Tangzhong starter paste*
100g (3.5 oz) bread flour
150ml (5 fl oz) water
300ml milk (10 fl oz), at room temperature
30g caster (superfine) sugar
20g unsalted butter, at room temperature
2 tsp ube extract*
7g instant dried yeast
450g (15 oz) bread flour, plus extra for dusting
1 tsp salt
oil spray, for greasing
To make the starter paste, mix the flour and water together in a medium saucepan until smooth and place on medium heat. You’ll need to watch this closely and stir constantly, as it thickens very quickly. Turn the heat down to low and cook until the milky appearance disappears and a thick paste is created. Take the saucepan off the heat and pour the paste out onto a sheet of cling wrap. Roll up securely, then place in the fridge overnight.
Attach a dough hook to your stand mixer. In the stand mixer bowl, add milk, sugar, butter, ube extract, yeast, flour and salt. Add the starter paste in.
Turn the mixer on low until the ingredients have just combined, then turn up speed to low-medium and knead the dough for 30 minutes. Once the dough is smooth and elastic, place it onto a floured surface and roll into a ball. Grease a large bowl and place the ball of dough inside. Cover with cling wrap for 1 hour or until doubled in size.
Once the dough has risen, place on to your kitchen surface and dust with flour. Punch the dough down and cut into 2 equal parts (please make sure they are equal in weight). Roll into 2 balls.
Using a rolling pin, roll out each ball into rectangles roughly 10cm x 40cm (4” x 16”). Roll up each rectangle into a tight scroll.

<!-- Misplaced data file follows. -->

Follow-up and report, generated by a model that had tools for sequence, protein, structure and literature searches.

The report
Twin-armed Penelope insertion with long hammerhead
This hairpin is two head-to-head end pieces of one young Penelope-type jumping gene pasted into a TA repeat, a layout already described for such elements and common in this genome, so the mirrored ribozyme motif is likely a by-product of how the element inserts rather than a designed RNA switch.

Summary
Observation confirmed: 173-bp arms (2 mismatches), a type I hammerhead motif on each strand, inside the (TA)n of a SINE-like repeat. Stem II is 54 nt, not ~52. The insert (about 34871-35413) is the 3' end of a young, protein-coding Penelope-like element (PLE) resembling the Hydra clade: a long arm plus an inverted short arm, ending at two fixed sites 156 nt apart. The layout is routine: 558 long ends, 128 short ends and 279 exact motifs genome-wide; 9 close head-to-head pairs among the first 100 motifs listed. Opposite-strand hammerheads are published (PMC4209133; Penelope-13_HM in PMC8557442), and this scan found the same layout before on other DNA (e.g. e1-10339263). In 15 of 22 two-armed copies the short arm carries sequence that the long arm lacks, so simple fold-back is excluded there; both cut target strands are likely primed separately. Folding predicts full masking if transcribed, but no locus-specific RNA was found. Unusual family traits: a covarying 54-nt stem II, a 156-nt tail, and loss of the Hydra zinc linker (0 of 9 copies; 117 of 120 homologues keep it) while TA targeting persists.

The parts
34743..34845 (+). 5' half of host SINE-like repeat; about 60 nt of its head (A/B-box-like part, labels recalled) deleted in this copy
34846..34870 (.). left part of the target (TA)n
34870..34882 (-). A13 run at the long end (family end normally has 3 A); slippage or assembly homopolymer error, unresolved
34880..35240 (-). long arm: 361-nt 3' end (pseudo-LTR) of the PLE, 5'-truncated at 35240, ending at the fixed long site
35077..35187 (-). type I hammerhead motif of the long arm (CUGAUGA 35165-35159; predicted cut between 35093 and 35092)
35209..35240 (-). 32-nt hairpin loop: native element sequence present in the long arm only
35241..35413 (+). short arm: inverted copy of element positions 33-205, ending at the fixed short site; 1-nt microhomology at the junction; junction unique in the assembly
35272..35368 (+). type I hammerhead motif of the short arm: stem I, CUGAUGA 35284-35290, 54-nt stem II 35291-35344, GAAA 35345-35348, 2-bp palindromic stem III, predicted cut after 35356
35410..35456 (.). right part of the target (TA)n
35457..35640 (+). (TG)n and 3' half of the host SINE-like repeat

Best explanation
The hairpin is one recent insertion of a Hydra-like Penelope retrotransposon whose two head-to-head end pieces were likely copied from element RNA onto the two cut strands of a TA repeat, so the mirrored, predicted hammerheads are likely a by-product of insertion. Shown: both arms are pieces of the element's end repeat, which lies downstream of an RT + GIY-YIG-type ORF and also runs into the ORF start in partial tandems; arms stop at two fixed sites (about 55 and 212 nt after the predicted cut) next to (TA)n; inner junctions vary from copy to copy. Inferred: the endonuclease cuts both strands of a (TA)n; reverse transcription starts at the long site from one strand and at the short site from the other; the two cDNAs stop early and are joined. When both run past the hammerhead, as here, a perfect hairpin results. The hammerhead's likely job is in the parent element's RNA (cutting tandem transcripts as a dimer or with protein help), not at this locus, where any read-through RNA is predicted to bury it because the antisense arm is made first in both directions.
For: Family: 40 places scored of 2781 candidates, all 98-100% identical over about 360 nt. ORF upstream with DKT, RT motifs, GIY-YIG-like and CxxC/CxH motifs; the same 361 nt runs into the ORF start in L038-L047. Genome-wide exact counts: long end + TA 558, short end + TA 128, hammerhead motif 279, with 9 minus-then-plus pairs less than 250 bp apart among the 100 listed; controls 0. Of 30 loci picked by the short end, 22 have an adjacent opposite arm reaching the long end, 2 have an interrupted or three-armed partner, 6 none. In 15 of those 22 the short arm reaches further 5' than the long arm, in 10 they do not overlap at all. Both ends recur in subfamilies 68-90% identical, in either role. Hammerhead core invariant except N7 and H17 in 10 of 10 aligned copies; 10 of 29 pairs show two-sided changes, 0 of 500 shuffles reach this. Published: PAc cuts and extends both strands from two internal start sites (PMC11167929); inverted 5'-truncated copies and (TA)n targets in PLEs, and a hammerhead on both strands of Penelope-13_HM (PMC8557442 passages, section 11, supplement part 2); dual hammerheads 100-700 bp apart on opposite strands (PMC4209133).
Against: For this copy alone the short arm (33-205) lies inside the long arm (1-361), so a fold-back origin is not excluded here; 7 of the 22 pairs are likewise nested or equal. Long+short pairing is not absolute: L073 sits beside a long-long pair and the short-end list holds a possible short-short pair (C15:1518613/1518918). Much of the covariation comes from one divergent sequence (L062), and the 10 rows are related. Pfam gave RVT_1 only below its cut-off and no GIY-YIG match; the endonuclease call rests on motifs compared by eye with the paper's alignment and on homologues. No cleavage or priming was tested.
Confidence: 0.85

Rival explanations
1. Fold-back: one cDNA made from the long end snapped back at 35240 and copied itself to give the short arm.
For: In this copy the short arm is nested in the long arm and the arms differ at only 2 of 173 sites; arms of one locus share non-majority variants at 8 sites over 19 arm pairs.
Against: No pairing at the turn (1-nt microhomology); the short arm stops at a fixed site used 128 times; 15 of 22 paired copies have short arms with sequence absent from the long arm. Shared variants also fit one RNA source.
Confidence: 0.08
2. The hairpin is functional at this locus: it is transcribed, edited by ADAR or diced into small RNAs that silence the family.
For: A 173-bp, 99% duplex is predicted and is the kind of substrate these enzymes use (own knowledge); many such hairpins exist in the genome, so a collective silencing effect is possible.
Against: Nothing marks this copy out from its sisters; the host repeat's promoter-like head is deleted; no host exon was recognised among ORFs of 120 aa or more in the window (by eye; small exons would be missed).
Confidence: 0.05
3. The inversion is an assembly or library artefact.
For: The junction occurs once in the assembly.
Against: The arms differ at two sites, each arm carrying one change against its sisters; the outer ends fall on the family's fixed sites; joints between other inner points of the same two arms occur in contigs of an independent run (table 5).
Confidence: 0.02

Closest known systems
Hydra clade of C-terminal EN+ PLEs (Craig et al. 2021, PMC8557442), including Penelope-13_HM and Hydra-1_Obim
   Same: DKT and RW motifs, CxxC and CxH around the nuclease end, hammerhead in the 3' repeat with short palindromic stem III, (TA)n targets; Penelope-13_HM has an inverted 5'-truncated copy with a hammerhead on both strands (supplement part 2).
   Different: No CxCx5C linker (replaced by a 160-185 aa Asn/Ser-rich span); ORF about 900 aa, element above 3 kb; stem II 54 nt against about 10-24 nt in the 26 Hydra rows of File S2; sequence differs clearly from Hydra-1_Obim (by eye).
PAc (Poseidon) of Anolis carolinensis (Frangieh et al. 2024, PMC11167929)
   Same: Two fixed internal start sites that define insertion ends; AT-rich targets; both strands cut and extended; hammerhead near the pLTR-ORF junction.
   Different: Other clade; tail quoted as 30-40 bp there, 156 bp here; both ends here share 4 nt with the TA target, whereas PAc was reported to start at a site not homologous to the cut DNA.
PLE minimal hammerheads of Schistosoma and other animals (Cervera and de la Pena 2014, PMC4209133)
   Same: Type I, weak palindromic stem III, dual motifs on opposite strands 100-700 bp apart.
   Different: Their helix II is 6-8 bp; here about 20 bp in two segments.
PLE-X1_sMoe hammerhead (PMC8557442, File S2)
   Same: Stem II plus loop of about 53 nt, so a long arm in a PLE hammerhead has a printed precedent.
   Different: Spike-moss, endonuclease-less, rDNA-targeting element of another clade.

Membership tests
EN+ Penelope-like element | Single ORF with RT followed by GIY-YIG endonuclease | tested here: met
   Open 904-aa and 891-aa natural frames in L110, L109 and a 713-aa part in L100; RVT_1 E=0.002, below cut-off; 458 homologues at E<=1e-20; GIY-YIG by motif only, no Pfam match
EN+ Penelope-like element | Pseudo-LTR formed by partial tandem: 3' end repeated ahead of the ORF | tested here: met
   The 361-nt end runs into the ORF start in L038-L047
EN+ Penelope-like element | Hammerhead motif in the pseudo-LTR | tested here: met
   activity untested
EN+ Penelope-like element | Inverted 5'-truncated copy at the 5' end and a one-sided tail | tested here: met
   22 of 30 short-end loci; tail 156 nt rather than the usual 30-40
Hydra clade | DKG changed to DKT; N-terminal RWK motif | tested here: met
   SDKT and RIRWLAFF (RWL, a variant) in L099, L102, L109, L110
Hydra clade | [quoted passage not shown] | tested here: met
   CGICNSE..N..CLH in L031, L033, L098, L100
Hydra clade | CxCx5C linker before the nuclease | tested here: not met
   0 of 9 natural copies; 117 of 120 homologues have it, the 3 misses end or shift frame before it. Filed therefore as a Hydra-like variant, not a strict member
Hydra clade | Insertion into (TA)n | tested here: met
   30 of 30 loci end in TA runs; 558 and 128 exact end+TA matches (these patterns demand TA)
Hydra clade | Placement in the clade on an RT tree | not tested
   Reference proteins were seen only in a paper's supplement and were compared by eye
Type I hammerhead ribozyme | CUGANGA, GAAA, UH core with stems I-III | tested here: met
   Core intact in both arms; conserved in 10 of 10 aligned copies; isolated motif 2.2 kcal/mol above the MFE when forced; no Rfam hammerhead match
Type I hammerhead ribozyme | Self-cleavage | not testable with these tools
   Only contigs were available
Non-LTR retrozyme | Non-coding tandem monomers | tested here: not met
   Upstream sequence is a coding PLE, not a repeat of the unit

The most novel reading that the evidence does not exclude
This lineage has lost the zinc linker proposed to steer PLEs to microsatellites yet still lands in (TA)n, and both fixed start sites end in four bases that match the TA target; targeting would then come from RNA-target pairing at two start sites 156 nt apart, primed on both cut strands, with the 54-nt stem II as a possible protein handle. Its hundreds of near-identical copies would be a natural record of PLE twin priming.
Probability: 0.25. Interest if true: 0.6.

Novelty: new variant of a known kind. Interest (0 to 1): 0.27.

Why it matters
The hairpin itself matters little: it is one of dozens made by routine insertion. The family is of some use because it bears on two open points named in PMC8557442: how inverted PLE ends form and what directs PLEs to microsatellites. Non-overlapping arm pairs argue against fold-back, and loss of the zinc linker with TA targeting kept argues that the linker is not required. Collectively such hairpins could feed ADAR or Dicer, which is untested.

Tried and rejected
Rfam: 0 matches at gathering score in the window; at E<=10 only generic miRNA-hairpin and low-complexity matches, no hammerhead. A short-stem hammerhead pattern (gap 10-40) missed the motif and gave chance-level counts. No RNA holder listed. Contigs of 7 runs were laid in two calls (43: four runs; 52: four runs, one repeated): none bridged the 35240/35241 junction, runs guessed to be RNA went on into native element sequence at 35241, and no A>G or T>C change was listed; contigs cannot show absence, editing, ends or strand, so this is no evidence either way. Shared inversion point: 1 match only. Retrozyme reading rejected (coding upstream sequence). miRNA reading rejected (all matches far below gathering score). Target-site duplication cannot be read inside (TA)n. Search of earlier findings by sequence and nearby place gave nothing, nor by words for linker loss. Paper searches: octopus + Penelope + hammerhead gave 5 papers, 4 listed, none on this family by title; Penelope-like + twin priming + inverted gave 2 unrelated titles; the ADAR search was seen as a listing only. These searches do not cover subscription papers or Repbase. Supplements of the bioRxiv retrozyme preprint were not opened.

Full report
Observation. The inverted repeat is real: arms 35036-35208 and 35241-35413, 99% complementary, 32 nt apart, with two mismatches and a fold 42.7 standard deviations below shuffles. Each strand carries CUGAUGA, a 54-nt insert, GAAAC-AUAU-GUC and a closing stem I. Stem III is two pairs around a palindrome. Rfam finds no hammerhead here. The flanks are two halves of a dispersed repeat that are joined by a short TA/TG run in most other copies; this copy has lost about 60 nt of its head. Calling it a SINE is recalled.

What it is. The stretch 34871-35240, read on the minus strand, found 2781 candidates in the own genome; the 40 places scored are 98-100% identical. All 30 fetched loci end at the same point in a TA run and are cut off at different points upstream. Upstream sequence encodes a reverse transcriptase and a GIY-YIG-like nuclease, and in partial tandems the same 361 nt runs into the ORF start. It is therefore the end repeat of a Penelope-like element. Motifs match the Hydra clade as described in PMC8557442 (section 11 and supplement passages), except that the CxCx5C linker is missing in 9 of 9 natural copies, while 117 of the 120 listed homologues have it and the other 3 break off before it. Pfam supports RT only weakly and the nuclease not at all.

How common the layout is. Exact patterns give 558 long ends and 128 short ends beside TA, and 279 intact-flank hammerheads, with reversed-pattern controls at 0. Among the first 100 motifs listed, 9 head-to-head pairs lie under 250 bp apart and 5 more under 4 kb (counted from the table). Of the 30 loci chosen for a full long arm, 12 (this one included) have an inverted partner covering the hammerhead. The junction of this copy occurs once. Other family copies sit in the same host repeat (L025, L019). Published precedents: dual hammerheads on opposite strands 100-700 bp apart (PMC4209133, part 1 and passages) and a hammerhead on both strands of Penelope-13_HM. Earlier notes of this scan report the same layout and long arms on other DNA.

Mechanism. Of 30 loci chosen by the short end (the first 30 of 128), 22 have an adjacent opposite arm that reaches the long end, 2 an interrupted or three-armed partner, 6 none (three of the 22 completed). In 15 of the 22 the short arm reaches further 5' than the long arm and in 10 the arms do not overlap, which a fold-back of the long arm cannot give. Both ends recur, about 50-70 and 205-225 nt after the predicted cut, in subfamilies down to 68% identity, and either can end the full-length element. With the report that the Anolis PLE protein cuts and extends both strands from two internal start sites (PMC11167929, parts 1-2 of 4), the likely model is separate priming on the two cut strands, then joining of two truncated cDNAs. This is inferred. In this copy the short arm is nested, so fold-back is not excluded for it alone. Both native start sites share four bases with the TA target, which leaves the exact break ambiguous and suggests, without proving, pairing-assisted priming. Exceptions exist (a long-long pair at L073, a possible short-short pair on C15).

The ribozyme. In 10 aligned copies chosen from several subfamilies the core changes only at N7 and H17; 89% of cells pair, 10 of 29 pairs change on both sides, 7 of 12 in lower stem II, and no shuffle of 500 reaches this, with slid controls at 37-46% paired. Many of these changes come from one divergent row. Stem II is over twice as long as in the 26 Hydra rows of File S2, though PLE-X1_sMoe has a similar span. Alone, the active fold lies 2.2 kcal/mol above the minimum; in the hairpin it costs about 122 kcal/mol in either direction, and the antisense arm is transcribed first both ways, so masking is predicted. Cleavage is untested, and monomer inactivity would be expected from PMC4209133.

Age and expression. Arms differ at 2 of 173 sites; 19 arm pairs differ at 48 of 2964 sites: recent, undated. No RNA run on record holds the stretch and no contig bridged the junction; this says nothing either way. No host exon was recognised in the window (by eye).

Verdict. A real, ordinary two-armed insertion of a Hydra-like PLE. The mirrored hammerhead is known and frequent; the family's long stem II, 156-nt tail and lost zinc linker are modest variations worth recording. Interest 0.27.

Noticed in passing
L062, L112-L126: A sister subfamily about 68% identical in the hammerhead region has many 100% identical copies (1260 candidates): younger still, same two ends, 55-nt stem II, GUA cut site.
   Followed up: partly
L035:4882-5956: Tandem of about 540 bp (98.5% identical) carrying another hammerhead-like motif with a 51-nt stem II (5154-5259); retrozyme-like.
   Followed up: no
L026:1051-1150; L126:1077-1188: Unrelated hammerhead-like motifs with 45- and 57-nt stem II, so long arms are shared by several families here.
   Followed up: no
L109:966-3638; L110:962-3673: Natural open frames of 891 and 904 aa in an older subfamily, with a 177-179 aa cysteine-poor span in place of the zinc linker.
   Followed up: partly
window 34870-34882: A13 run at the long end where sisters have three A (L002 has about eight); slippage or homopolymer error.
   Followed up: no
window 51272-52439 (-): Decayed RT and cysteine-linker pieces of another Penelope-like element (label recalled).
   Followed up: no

Grease 1 loaf tin and evenly place in both rolled dough pieces, with the swirl facing the width of the tin. Cover with a wet cloth and allow to rise for 20 minutes.
Preheat oven to 170C/340F. Once the dough has risen, bake for 40 minutes or until the top edges of the bread look golden and the loaf sounds hollow when you tap on the top crust. Loosen the sides of the dough with a butter knife and tip the load out onto a wire rack. Allow to cool before slicing.
– Tangzhong is an Asian bakery technique that originated in Japan. The idea is that you cook a percentage of the flour and water before adding it to the dough ingredients. This technique allows the starches in the flour to absorb more water, which makes the dough easier to knead, encourages a higher rise and keeps the dough soft and moist.
– Ube is a tuberous vegetable, also known as a purple yam. You can buy a liquid extract online or from some Asian grocers.
– As this recipe requires a degree of precision, I prefer to weigh out these ingredients rather than use cups or spoons. In short, you should definitely use kitchen scales!